Imagine descending an escalator from Star Plaza and boarding a subway bound for Tower City Center. Mayor Tom Johnson first proposed a Cleveland subway in 1905, and the idea surfaced repeatedly thereafter. After several failed attempts between the world wars, the city came closest to realizing this dream in 1953, when Cuyahoga County voters approved a $35 million bond issue for a downtown circulator subway by a two-to-one margin. The most discussed route would have traversed a loop from the Cleveland Union Terminal to Superior Avenue and East 9th Street, then to Euclid Avenue and East 13th Street, and back along Huron Road to its origin. Although popular with the public, freeway advocate and county engineer Albert S. Porter persuaded county commissioners to nix the plan in 1957.
Two years later, Playhouse Square area merchants had grown alarmed by the drop in business that afflicted many American downtown retailers by the late 1950s. With the bond issue set to expire in a matter of months, a group led by officers of the Halle Bros. Co. department store and the owner of the Hanna Building worked behind the scenes to reopen the debate. They got a big boost when the City Planning Commission wrote a subway into Downtown Cleveland-1975, a master plan to guide future development in the city's heart. The plan, which now featured a simpler hook-shaped route under East 14th and Euclid, prompted a bitter feud between downtown interests in Playhouse Square and those near Public Square. The former had long clamored for easier access for transit riders. The latter, especially the Higbee Co. with its advantageous basement entrance adjacent to the Union Terminal rail platforms, frowned upon the subway idea.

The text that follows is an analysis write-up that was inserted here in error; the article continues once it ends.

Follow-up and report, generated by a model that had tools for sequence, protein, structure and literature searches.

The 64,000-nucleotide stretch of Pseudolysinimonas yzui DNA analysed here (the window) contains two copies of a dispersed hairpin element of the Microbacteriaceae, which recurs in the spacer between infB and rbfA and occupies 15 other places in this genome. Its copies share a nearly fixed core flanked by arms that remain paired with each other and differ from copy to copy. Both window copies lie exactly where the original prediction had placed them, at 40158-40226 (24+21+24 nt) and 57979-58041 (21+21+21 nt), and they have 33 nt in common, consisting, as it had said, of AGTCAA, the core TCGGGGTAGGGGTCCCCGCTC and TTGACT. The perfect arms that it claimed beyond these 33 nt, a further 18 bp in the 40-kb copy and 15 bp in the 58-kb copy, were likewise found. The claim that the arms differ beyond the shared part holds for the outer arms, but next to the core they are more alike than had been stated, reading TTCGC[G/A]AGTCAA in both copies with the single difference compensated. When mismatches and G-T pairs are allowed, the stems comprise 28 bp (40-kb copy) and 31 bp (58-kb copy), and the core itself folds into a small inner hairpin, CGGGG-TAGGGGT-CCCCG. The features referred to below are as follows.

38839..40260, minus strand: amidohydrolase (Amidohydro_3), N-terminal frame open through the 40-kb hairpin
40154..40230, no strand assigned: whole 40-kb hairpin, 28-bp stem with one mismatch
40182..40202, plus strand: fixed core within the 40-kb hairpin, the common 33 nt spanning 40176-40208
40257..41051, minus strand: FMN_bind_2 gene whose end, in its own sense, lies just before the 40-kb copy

It may never be known exactly why the county commissioners voted down the subway again in 1959. Some alleged that a sizable bribe bought the decisive vote against the tube. True or not, it is clear that Porter succeeded in creating a situation ripe for defeat. Although Toronto had recently completed a similar subway that reinforced its downtown as a vigorous hub, Porter warned darkly of buildings collapsing into the "quicksand" beneath Euclid Avenue and stores with their utilities cut off for weeks on end. He insisted that no one who could drive on a new freeway would think of being packed in "sardine" fashion into a railcar.
In the 1980s the idea of a subway reemerged in the form of the Dual Hub Corridor, a combination downtown subway and at-grade rail link with University Circle along Euclid Avenue. As cost estimates soared, the idea was scaled back, and the RTA Healthline ultimately opened as a bus rapid transit system in 2008. Meanwhile, the issue of how to distribute transit riders all over downtown found resolution when downtown interests banded together with RTA to fund a system of free trolley buses whose digital overhead destination signs exclaim, "Smile and Ride Free!"